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Your Environment. Your Health.

Air Pollution, Climate Change, and Health in India (Part I)

Global Environmental Health

Car driving in polluted India

Air Pollution, Climate Change, and Health in India (Part I)

December 21, 2017

Experts: Sujata Saunik, Meena Sehgal

In this two-part podcast series, we take a look at how innovative partnerships and community engagement approaches are helping to build capacity and empower communities in India to take active roles in addressing their environmental and health concerns. We will also hear about how NIEHS as formed partnerships in India, with the goal of addressing these challenges and improving public health.

(Editorial credit: leshiy985 / Shutterstock.com)

In this two-part podcast series, we take a look at how innovative partnerships and community engagement approaches are helping to build capacity and empower communities in India to take active roles in addressing their environmental and health concerns. We will also hear about how NIEHS as formed partnerships in India, with the goal of addressing these challenges and improving public health.

Like many developing countries, India faces many adverse impacts from climate change and poor air quality, which present significant challenges for public health. For example, poor air quality is known to be linked with cardiovascular and respiratory diseases. Changes in climate can influence temperature, precipitation patterns, and air quality, which can increase the incidence of vector-borne diseases, heat stress, and cardiovascular and respiratory diseases, as well as increase food insecurity through impacts on agriculture.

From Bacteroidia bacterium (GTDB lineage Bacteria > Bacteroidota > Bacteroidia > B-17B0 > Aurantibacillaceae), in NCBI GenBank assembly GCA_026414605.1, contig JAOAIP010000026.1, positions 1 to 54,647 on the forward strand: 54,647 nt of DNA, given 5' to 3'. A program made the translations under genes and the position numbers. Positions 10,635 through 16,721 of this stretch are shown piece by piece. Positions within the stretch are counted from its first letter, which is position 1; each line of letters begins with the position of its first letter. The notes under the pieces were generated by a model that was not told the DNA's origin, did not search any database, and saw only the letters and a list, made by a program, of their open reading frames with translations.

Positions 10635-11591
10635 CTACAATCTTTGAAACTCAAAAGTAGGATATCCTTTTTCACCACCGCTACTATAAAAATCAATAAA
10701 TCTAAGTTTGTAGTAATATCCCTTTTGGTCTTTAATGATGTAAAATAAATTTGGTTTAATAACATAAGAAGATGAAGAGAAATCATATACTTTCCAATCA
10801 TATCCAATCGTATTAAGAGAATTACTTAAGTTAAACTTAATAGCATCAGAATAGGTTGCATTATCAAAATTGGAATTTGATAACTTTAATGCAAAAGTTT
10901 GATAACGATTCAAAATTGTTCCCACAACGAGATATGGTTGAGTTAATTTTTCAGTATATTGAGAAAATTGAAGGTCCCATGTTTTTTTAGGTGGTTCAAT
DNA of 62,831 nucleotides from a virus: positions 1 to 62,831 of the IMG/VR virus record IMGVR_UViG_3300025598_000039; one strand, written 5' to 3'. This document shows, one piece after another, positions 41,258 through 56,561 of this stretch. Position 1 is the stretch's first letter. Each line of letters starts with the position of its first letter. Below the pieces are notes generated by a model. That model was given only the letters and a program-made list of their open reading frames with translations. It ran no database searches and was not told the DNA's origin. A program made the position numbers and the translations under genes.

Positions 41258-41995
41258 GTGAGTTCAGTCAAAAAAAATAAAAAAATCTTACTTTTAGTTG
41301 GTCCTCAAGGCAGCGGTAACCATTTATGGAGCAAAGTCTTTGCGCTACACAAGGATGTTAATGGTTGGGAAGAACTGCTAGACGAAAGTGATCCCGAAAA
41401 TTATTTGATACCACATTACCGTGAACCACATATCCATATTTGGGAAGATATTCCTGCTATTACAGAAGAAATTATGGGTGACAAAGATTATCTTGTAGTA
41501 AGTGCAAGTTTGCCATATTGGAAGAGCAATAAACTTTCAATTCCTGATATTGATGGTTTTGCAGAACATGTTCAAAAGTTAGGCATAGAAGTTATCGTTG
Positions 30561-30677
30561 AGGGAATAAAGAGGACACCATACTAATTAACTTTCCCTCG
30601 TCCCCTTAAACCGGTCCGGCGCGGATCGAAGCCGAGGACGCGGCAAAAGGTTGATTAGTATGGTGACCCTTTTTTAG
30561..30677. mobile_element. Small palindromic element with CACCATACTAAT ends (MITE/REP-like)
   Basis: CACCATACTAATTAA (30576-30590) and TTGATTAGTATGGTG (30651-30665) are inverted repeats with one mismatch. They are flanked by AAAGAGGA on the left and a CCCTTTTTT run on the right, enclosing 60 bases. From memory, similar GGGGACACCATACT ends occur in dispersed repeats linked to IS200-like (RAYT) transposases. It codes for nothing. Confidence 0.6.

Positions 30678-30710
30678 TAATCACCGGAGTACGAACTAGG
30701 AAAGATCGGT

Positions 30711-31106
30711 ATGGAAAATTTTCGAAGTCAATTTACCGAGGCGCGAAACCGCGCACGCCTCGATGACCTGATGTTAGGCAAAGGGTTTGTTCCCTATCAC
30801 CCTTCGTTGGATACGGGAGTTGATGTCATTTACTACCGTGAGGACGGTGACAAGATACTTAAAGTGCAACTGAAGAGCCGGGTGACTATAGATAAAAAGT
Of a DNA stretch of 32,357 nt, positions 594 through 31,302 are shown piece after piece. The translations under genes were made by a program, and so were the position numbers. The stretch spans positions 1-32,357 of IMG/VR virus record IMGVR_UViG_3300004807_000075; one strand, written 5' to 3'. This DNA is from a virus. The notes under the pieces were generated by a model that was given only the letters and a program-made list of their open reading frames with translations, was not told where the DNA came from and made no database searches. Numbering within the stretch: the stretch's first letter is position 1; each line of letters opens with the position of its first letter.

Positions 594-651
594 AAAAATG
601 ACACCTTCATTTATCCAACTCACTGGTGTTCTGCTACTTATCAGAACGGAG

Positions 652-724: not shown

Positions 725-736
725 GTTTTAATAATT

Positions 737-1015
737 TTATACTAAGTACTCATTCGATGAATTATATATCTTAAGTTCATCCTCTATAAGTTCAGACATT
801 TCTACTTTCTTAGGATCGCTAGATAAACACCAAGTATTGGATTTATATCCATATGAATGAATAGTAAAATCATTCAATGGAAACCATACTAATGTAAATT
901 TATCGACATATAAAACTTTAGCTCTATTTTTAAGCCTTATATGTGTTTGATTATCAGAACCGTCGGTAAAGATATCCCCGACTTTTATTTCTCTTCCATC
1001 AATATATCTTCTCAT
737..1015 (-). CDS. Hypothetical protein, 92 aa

Part 1: Local Perspective

Sujata Saunik

Sujata Saunik serves as the Principal Secretary of Financial Reforms and is the former Principal Secretary of the Public Health and Family Welfare Department for the Government of Maharashtra, India. She has Master’s degrees in Public Administration and Social Sciences. She is currently a Takemi Fellow at the T.H. Chan School of Public Health at Harvard University.

Saunik leads state projects on designing governing architectures and policy frameworks for effective, transparent, and seamless disbursement of funds and tracking expenditures against department‐specific outcome indicators, enabling higher fiscal efficacy. She has also worked on multiple projects that involve community health. These projects include efforts to improve sanitation and hygiene, remove plastic waste in community villages, and provide safe drinking water in poor communities. Saunik also has research experience in topics such as public health management and child and infant mortality.

Meena Sehgal

Meena Sehgal is as an epidemiologist and data analyst with The Energy Resources Institute (TERI). She has Master’s degrees in Public Health and Biostatistics from Emory University. Sehgal has 22 years of experience in data analysis, processing, and interpretation.

Sehgal leads a team of research professionals working on environmental assessments and evaluating human health effects. Her areas of focus include climate sensitive health risks and emerging issues of urban development and human health. Sehgal has published research on ozone pollution and its health effects in India. She also works with Understanding Climate and Health Associations in India (UCHAI) to understand and access risk of urban environmental contaminants in India.

Other Episodes in the Same Series


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